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Tests, Quizzes, Essays… and a Publication

Some students decide to get in­volved with student affairs, others with athletics, some with clubs, and then there are a few others who decide to write books. This happens to be the choice that Aziz Mama and Matthew- Donald Sangster made when they co-authored The Stranger Inside: Stories from Beneath the Mirrored Glass, published in May 2011 under their own publication house, Mama Sangster Publications.

The Stranger Inside: Stories from Beneath the Mirrored Glass is com­posed of nine short stories ranging in themes. “The plot of each of the stories is based in realism but subtly takes a turn towards existential understand­ing. Essentially, the aim of many of the stories is to outline the concept that no philosophical idea can be taken solely at face value,” said Sangster. He said that each one of the stories unfolds and in its own way and then ends by its own means, as is the way in life. He continued, “Doing so highlights the similarities between the stories: The significance and importance of a sec­ond chance. Through forcing the char­acters to grasp the subjective nature of the perceptions of life, they are al­lowed to see their circumstances with more optimistic tones.”

Mama said that all the stories speak for themselves, saying that the meaning of each story will be the reader’s own. “We had our own ideas and concepts which we put into the stories, but given the way we wrote they are still very much open to interpretation,” Mama said.

With writing, inspiration comes from numerous sources, whether they be real-life experiences or a daydream morphing into something more. For Mama and Sangster, part of their in­spiration came from a class. “Well, we each had our own creative influences but collectively our greatest inspiration was from Professor Stuart Dalton and his Existentialism class,” Sangster said. Besides the class, he said he draws cre­ativity from other authors. “As for my­self specifically, I drew much influence from Sartre, Kafka, Stephen King, and my personal muse — the musical styling of Tchaikovsky,” he said.

Mama echoed Sangster when he said the greatest source of inspiration came from Dalton. saying that he is possibly the most influential professor he has had while at Monmouth. Mama said that these stories stemmed from three projects for their Existentialism class which took on a life of their own. “Beyond the general and overarching influence of Dalton, some of the au­thors I most admire are Dostoevsky, Tolstoy, Tolkien and Dan Simmons, to name a few,” Mama said. He continued, “Perhaps, in time, my own writing can achieve a semblance of the clarity and subtlety found in their writing.”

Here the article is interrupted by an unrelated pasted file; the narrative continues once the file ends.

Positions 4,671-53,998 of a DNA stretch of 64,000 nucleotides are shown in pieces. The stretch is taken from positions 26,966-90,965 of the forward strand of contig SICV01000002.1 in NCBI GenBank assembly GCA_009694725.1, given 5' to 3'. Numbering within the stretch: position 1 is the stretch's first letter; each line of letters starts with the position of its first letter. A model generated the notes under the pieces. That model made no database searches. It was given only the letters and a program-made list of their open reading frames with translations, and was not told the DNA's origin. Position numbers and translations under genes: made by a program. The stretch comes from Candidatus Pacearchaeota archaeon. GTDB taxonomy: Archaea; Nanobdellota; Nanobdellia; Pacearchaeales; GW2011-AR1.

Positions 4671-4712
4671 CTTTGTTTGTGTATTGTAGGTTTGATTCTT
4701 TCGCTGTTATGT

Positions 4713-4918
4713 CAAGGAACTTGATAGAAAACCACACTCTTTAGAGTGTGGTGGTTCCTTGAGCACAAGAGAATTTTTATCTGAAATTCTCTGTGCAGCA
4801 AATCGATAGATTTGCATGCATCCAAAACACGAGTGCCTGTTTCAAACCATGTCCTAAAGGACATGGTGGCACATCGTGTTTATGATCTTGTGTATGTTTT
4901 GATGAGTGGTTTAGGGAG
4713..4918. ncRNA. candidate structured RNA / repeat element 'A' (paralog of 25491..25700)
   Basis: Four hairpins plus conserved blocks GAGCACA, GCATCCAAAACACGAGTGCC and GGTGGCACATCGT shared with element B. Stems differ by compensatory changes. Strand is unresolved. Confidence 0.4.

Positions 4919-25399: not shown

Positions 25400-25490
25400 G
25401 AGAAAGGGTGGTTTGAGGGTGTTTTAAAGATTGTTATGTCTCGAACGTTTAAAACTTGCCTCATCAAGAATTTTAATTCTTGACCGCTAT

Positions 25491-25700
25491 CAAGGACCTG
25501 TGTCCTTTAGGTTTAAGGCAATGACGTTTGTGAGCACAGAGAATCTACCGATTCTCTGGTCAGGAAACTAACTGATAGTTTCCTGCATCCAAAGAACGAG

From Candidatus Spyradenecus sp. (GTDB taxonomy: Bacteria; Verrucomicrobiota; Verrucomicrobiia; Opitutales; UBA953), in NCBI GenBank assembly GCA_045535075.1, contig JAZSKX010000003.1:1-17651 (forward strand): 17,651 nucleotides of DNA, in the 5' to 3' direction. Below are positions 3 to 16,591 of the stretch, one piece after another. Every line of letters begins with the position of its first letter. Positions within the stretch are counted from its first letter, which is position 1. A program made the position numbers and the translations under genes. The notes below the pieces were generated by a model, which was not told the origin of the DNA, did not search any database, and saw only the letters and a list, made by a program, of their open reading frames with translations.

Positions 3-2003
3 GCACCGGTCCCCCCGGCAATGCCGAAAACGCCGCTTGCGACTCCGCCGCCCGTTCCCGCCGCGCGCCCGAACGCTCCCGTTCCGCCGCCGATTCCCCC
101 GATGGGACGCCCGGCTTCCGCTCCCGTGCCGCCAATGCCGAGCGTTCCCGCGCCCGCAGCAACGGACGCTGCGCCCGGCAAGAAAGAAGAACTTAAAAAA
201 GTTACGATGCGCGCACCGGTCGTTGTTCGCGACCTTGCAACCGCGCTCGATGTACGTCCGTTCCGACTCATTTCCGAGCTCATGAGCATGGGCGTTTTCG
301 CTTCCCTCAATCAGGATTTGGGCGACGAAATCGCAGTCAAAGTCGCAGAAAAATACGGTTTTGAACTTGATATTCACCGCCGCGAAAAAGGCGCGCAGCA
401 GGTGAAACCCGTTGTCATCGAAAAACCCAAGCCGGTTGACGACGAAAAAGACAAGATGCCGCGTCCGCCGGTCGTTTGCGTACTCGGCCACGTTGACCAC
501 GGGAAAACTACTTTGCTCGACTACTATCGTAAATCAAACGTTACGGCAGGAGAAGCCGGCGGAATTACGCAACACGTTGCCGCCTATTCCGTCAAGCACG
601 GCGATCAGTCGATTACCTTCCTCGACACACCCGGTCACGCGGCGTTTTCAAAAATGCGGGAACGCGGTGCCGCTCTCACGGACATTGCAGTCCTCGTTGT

Besides the inspiration behind a work of literature, writing requires desire and dedication. “Though largely fueled by our personal ambitions to be pub­lished, the majority of the desire to write this goes back to Dalton as his positive critique of our works gave us the motivation to intently pursue this,” Sangster said.

“Matthew and I had always had a desire to see our writing in print, but if it were not for the support of Dalton, and Matthew prodding me to make my writing deadlines, we could never have seen such an ambitious project realized,” Mama said.

As with any collaboration, there is a certain amount of give-and-take. “Aziz and I were under different deadlines through the completion of this book. I was to focus on finish­ing my portions to aid in the publi­cation process and he was to delay his own writing to allow time to edit my contributions,” Sangster said. He said that this worked very effectively because it allowed them to limit their need for a final editor, which they still used for precautionary reasons. Another aspect that was challeng­ing was the issue that Mama was not even in the U.S. while writing was ongoing. “The fact that Aziz was in England for a majority of the process was especially taxing for me, as I was in charge of the entire publication pro­cess in addition to the formation of our publication company, Mama Sangster Publications, which was a feat in-and-of-itself,” Sangster said.

Mama said that the coordinating of the writing was the main difficulty. “Needless to say, Matthew spent a great deal of time on his own setting up the partnership and preparing for the printing of our book. It was rather amusing to consider the fact that the hardest part of the publication process was not the actual writing or the edit­ing of the material but was, in fact, the administrative aspect of publication,” Mama said.

The 150 page collection of stories is available in top book carrying stores like Barnes and Noble and is available on Amazon. Their accom­plishment is extra sweet considering they were able to create a publishing company and publish a book while still attending University. It shows the positive influence professors have on their students and how the written word is able to convey such different themes about life. Mama said, “Each story has a life of its own and grows along with whoever happens to be reading it.”